"There was a back switch at the foot of Frozen Run Hill. There is a picture of the cut at the head of Bear Fork, including 'Ross" over in Gilmer." The Normans, Cottrells and Millers worked for the Interstate Cooperage Company.

Bly Miller who lived close to the Shock Post Office, and was the son of Grover Miller, worked for Interstate Cooperage as a fireman on the mill boilers. "Grover told Bly the train engines were 'Climax' engines," reported Stump. Ray Cottrell, who had a "sheepskin deed" to land on Bear Run, told Stump of the evidence of tram roads on Bear Run.

Edna Yoak Altizer, Post Mistress at Millstone in 1983, told of living in adjoining rooms to the Field Office of the Interstate Cooperage Company. Her father, Lloyd Yoak, Sr., ran a general store and post office at the Mouth of Tanner, known as Shock.

Bly Miller also reported that Park Woodyard had told him the E and LK Railroad ran up Spruce Fork of Frozen to a mill near the Spurgeon Smith Farm. He said Bob Tucker lived as a lad near the Mouth of Spruce, and said that "The switch at the foot of the hill was a double switch.

The train when loaded ran up Frozen Run toward where Ezra Cottrell lived, then backed into Oak Log Holler, then went toward the hill climb." This gave an advantage on the grade and still let the train continue in the proper direction.

Tucker maintains there never was a mill on Spruce, but was on Frozen just above the Warren Knotts farm. "The train ran up through the John Smith farm almost to the head of Spruce," he told Stump. "There was another back switch on the ridge where the Chapel Baptist Church is now. The mill at the mouth of Frozen was the only one."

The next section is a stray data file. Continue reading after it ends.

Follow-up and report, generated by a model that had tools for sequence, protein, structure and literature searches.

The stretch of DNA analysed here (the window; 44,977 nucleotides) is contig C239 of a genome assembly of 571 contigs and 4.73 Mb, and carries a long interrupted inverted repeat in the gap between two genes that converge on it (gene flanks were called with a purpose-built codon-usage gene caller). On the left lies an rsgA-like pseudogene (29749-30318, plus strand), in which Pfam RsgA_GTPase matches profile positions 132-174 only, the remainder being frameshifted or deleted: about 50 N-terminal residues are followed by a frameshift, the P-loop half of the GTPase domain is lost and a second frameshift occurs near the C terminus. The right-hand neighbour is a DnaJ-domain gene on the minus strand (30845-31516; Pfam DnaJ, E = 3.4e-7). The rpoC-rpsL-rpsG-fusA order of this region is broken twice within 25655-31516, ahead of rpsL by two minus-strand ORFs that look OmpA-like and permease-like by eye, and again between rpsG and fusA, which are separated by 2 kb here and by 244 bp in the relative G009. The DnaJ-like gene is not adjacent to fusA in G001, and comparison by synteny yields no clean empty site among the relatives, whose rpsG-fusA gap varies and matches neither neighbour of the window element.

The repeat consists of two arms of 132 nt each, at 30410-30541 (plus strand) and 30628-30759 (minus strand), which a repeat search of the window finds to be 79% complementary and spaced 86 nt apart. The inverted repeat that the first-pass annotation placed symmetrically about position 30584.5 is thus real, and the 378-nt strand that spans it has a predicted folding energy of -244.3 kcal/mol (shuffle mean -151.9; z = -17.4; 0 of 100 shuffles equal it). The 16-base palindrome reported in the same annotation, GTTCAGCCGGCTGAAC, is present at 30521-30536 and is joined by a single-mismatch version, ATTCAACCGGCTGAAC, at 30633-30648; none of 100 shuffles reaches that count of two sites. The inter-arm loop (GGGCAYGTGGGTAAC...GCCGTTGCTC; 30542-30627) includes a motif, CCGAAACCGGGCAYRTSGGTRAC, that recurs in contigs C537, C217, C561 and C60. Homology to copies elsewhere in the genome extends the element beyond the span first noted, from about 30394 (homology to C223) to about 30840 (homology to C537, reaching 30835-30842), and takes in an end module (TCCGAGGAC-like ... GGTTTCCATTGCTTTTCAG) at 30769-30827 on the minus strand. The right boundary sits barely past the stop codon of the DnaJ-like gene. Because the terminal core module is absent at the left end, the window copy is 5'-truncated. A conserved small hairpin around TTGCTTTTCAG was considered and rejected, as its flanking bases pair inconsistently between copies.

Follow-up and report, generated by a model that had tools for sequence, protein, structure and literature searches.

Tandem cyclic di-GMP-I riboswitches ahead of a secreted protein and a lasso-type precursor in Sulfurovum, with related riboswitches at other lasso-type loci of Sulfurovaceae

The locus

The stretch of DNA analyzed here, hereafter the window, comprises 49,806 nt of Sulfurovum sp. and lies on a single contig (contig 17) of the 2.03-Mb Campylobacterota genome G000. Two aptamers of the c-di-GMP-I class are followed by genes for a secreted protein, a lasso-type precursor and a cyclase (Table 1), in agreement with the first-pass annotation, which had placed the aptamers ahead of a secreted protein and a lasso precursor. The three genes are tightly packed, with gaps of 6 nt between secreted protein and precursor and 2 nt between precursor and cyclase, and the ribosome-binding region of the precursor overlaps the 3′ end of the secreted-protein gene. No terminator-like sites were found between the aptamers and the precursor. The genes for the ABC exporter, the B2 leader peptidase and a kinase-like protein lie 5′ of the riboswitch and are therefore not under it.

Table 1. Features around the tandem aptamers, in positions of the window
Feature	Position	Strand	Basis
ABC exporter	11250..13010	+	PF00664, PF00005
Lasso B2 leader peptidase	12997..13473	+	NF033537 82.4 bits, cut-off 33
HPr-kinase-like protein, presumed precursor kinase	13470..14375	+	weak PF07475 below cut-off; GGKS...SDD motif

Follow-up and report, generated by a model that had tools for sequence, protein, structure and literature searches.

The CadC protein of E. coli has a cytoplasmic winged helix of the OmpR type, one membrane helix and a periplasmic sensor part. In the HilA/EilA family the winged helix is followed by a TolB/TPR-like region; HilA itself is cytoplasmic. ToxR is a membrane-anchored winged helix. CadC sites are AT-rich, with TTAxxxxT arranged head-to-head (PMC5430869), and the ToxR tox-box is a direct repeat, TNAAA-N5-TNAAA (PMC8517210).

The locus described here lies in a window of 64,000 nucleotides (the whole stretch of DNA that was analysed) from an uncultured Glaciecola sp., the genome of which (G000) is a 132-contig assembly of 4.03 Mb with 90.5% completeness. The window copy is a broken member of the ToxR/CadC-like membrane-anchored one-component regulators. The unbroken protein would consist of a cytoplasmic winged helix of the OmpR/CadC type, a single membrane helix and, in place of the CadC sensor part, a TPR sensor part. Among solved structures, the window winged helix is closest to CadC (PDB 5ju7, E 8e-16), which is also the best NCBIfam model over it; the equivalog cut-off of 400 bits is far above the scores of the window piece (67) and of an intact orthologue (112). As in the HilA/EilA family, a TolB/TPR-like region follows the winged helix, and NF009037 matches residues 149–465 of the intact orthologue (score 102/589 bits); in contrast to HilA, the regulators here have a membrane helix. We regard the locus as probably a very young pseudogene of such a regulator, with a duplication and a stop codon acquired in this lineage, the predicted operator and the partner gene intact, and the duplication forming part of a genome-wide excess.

Homer King, when he was 81, reported that the county road up Frozen was the original railroad grade. He said as young lad he saw the No. 5 mill in operation on the Right Fork of Crummies Creek. His father worked for the Cooperage Company on this mill, which was located half way between the head and mouth of Crummies. The railroad came down Crummies Creek a short distance below the No. 5 Mill.

Samuel Rector "Rex" Woodyard, father of Park Woodyard, was an engineer on the train. Stump said they had several pictures of train engines and a picture of stave blocks stacked at Rosedale, exceeding 500,000 in number. Also reported was a picture of the train station at Rosedale, and the much smaller station at Shock, which had large sliding doors, but no windows.

Part of the right-of-way deal for hauling wood products, was an agreement to haul passengers out of the area between Shock and Gassaway.

EDITORS NOTE: We gratefully acknowledge the work of Harlan Stump for his extensive research on Calhoun's unknown railroad, which until now has not been printed. Harlan lived for many years at the top of Millstone Hill, where he operated a small store and grist mill. We also acknowledge the cooperation of Harlan's daughter, Robin Stump of Spencer, and others who have assisted in this piece. We will continue the railroad story soon from a Braxton County newspaper account.


Hur Herald ®from Sunny Cal
The information on these pages, to the extent the law allows, remains the exclusive property of Bob Weaver and The Hur Herald. information cannot be not be used in any type of commercial endeavor, or used on a web site without the express permission of the owner. ©Hur Herald Publishing, 1999, 2000, 2001, 2002, 2003, 2004, 2005, 2006, 2007, 2008, 2009, 2010, 2011, 2012, 2013, 2014, 2015, 2016, 2017